Zombie Jesus vs. resurrected Jesus
Unfortunately, I think that many of our congregations have mistaken the resurrected Christ with a zombie. The church, the body of Christ, keeps trying to bring back things that are dead that ought to stay dead, such as old programs for evangelism, Christian education, missions, fellowship, and more. The church often tries to do what they have done before in the way they did it before. When speaking to churches who glamorize the good old days of the ’50s and ’60s, when education buildings were added on and youth programs busted at the seams, I can’t help but notice this is the same time period of the first wave of zombie literature and films such as “The Last Man on Earth” (1964) and “Night of the Living Dead” (1968).
Zombies have a one-track mind—to consume. Zombies are used as a literary device, a reflection of ourselves when we forget our own basic identity and humanity and become products of consumption ourselves. One writer notes that zombies “are a handy device to criticize real-world social ills – such as government ineptitude, bio engineering, slavery, greed and exploitation – while indulging our post-apocalyptic fantasies.”
For our churches, perhaps the zombie Jesus memes might cause us to pause and recognize where we have lost our purpose as followers of Christ. Are we following the one who rose from the dead and leads us into new life now, or are we continuing to consume resources to perpetuate old models of ministry that feed ourselves and not the world in need of Christ around us? Were our past periods of growth that we wax nostalgic about really a product of our consumer culture of the time, and not necessarily cultivating lasting change of hearts and lives for Christ?
As a regional executive minister, I see far too many churches trying to go back to who they were and what they were doing before the pandemic. They have returned to a passive role with digital worship, meaning they are streaming the worship service but not engaging with those who are viewing the service, because the importance is centered on in-person worship again. In other cases, they have stopped streaming, and still others never even embraced online ministry. Some have not been able to resume their previous missions and outreach as those programs have ceased or changed practice, and those churches have not explored new ways of reaching out. Others are trying to resume children’s programming after a two-plus-year hiatus.
One thing I hear often as a regional executive minister is, “When will the people return?” Honestly, if they have left, they probably are not going to come back. I know this is hard to hear. Our world has shifted so dramatically that people have left for a variety of reasons: because there were no in-person services, only online; or because the church returned to in-person services too soon. Because there were no children’s programs; or because the only children’s programs were in-person. Because people got out of the practice of going on Sunday morning. Because Sundays have become the only day to be with family. The list goes on.
Rather, the better question to ask might be, “How are we living into Christ’s call in this pre-post-pandemic world? Who is Christ calling us to be?” The zombie in us might want to go back to doing more of what we were doing before, but the resurrected Jesus calls us to take notice of all the opportunities now afforded to us. The pandemic, in a sense, was like the tomb. We can’t go back through. We can only emerge on the other side.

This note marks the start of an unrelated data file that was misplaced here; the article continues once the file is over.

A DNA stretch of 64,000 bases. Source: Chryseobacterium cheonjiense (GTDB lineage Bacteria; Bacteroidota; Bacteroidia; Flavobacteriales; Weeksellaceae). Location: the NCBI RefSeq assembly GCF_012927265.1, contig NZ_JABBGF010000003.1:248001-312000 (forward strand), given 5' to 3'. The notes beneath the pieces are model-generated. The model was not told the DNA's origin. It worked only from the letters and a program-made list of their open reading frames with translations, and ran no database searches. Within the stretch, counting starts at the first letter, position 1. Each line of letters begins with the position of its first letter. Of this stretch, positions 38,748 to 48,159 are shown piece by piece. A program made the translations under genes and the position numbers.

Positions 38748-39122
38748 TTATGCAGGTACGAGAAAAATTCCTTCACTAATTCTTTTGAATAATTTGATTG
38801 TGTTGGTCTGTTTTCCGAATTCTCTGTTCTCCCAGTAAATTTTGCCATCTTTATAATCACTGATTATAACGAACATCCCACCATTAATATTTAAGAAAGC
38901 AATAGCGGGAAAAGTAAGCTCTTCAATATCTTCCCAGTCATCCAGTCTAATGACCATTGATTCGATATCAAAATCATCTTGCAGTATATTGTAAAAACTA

Another meme I have seen shared among pastors contains the quote attributed to Leonard Sweet, “When the church resists change, it is a classic case of letting the dead bury the living.” It’s a perfect understanding of the zombie Jesus meme as the body of Christ. It’s consuming people for the sake of membership numbers, bodies in the pews on Sunday morning, and dollars in the offering plate. When the church resists change and becomes more like a zombie, it’s all about the church’s own survival instead of the church’s mission: to share the Gospel of Jesus Christ, who rose from the dead.
We are still emerging in this pre-post-pandemic time. Perhaps the best metaphor might be that we are on the road to Emmaus. We are still grieving what happened and recognizing that things are changing. There is word of new life. There is word that Christ is alive. There is a flash of recognition when community gathers, in person and online, and worships together and breaks bread together. When we study the Scriptures and find our hearts on fire, and a longing to share the Good News in new ways. There are new ways to serve our neighbors in need. New ways to be involved in the work of justice around us. New ways of including children and youth through our digital ministries in leadership and service.
Zombies ultimately cannot be real and therefore a zombie body of Christ cannot be the church. Only the resurrected body can become alive. We must live into the new life Christ has promised us now, as the body of Christ here on earth.
What that looks like, I am not certain. But neither were the disciples on the road to Emmaus. They didn’t know what was ahead, but their willingness to journey with a stranger, who opened them to new understandings, led them to the moment of breaking bread with Jesus. It might be a willingness to journey in a new direction, with new people. Perhaps we need to be challenged in what we think we know, and listen to others joining the journey, in order to leave the old way of thinking behind.